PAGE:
Patients and Methods

A retrospective data analysis was performed on 11 patients diagnosed as VSR following AMI who presented or referred to College of Medical Sciences & Teaching Hospital (CMS-TH) till June 2016. Seven patients were referred from outside and 4 visited to our emergency room directly. The AMI diagnosis was based on clinical ischemic symptoms, electrocardiographic changes, and/or positive levels of biomarkers of myocardial necrosis. VSR was diagnosed in CMS-TH by transthoracic echocardiography. Baseline patient characteristics, clinical characteristics upon admission, coronary interventions, location of coronary artery lesion, left ventricular ejection fraction, location of ventricular septal defect and in-hospital mortality were analyzed. Ethical committee had approved for the study. Standard statistical software SPSS (version 20 for Windows) was used for calculations. Quantitative variables are presented as mean ± standard deviation. Categorical variables are presented as both absolute and relative (%) values.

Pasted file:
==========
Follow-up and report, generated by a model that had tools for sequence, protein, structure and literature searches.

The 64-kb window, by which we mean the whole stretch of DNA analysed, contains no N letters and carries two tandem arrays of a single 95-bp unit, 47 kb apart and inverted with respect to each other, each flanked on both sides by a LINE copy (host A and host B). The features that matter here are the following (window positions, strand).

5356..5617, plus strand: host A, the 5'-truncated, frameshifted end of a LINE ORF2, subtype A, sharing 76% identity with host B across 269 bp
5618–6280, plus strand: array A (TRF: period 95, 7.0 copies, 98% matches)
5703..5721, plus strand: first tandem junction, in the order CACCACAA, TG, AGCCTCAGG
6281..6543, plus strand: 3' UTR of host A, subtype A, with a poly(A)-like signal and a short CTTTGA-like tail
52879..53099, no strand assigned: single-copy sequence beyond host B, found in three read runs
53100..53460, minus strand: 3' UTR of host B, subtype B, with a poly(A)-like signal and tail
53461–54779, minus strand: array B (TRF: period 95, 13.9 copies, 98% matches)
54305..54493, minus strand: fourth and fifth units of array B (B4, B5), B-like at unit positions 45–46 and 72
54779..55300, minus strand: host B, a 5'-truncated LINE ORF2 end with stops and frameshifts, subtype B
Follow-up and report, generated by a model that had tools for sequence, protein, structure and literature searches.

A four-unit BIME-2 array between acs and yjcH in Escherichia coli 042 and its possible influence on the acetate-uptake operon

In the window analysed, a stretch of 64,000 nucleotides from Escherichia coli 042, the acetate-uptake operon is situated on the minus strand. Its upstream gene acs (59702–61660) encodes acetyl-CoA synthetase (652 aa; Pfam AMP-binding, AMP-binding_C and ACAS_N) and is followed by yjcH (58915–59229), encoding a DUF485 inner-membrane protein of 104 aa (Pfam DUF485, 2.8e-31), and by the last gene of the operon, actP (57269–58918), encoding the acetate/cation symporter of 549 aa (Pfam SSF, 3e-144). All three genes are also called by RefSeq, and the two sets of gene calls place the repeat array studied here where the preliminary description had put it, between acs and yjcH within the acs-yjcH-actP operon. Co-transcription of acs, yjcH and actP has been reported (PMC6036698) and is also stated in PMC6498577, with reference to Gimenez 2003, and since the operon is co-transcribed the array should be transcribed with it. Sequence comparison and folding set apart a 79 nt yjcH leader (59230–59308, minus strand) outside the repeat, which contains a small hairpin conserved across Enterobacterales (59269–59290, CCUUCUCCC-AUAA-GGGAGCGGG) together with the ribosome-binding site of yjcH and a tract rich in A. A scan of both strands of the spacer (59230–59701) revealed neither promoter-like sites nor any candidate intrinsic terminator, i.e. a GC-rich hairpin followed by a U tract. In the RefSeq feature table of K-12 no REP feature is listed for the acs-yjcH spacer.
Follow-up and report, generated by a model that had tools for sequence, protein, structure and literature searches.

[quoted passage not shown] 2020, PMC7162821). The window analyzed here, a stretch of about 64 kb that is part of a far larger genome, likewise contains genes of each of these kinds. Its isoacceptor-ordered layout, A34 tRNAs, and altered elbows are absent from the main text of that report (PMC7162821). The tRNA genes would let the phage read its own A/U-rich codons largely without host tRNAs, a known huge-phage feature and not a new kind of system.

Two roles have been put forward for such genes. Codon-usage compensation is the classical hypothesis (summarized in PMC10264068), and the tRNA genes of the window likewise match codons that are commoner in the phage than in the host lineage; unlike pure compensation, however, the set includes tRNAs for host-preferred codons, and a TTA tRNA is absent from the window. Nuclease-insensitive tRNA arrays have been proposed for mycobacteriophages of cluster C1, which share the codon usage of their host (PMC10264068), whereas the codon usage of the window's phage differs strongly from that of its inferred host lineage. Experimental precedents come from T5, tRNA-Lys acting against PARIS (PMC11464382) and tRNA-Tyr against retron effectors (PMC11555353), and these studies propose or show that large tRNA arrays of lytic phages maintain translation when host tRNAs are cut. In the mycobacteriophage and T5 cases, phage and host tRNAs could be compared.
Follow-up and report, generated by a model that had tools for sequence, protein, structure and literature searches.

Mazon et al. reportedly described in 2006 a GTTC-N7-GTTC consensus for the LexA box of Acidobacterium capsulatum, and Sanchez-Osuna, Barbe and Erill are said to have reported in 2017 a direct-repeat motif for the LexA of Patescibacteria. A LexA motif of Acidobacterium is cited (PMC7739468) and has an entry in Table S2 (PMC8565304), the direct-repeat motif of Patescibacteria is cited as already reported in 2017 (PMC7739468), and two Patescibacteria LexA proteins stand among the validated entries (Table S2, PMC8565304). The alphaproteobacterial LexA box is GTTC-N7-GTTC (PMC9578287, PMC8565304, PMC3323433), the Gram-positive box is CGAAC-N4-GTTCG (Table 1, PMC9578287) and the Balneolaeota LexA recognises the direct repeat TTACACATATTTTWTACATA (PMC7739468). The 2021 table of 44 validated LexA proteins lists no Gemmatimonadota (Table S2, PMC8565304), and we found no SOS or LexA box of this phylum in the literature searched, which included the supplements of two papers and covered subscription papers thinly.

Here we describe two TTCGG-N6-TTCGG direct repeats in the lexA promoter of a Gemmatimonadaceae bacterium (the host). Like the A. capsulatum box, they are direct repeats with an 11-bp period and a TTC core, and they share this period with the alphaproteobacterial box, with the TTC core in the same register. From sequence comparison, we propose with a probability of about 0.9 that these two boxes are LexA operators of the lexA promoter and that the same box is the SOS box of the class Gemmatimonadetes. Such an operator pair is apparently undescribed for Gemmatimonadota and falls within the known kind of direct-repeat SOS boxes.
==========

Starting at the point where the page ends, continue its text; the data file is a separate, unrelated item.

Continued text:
A total 11 patients were diagnosed as VSR complicating AMI. Interestingly all (100%) patients were female. Mean age was 65.8±9.3 years. Previous history of coronary artery disease (CAD) was absent in all cases. 27.3% were smokers, 63.6% were hypertensive and 36.4% of patients were diabetic. On arrival to our hospital, 72.7% of the patients were in Killip class IV. Baseline characteristics are shown in table 1.

  1. avatar

    Table 1:

    Baseline characteristics and in-hospital mortality.

Coronary angiography was performed in three patients. Two patients had single vessel disease (SVD) and one had triple vessel disease (TVD). Culprit vessel was the left anterior descending (LAD) artery in 66.7% cases and the right coronary artery (RCA) in 33.3% cases. One patient underwent primary PCI and stenting to the LAD who was diagnosed to have VSR after stenting.